Location: Pentland Hills
Time: 08:00-15:00 (approx finish time)
Distance covered: 12km
Purpose: To deliver navigation training course to a group of 7 participants
Map used: Harvey Maps – The Pentland Hills 1:25000
After some introductions in the car park the group went for a very short walk around the outside of the car park and then back to where they started. They then have to describe the walk they have done. I encourage people to start to think about what the ground is doing first (BROWN features), then any water sources/courses (BLUE features) and then finally any person made features (BLACK features).
From there we used a lovely straight stretch of road to discover how many paces it takes us to walk 100m. A really crucial skill to have.
Once everyone had their numbers it was time to distribute maps, get compasses out and head to the lovely Pentland Hills to get practicing navigation.
I run my navigation training courses in a very relaxed way and I feel it is important to introduce skills slowly and steadily over the day. To start with each person is given a ‘leg’ to navigate. This is to obvious things like path junctions, bridges, tree lines etc. This helps to get them into the navigation mind.
As each leg is led we are taken further into the hills. At this time I am reaffirming the need to use pacing, setting the map and looking around at those BROWN, BLUE and BLACK features.
Hare Hill crash site
With these skills learned we are now starting to hit the open countryside and heading towards Hare Hill, the crash site of a German Bomber in March 1943. Hoping to bomb Edinburgh they headed north, flying over the Pentland Hills. Struggling to navigate in the good old Scottish weather, they decided to turn back and flew straight into Hare Hill. Just how close they came to Edinburgh before turning back definitely makes you think that there was a cloud of luck over Edinburgh that day!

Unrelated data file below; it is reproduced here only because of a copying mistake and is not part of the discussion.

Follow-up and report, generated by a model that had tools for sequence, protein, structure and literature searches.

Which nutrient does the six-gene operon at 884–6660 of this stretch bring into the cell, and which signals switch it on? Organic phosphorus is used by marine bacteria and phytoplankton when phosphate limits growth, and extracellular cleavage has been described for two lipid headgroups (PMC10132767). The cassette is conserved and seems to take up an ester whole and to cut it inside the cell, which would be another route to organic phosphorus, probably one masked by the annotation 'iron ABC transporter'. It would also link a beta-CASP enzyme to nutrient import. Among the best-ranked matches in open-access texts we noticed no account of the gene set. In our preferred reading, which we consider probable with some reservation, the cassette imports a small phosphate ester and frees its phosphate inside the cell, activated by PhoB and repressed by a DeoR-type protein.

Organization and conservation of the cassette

The rest of the day is spent in the hills where we introduce more skills:
- Contouring – moving round a hill but trying to keep the same height
- Half Bearing (aka Rough Bearing) – a very quick way to use your map/compass
- Measuring distance including time predictions
- Taking a bearing
- Walking on a bearing
- Planning a route
- Tick off features – what will you see along the way
- Catching features – how will you know you have gone too far
- Aiming off
- Escape Routes
Further learning points
When I am delivering navigation training course or map reading skills I feel I also have a duty to discuss other points for people who spend time outdoors doing any sport or recreational activity. This includes:
- The Scottish Outdoor Access Code
- Weather Forecasts
- Group Management
- Managing risk
Once off the hill we then have a 45 minute gentle walk back to the car. This is a great time to give any individual feedback and also to answer any questions people may have from all the learning of the day
Want to know more about the Navigation courses we offer? Please visit our Navigation Training page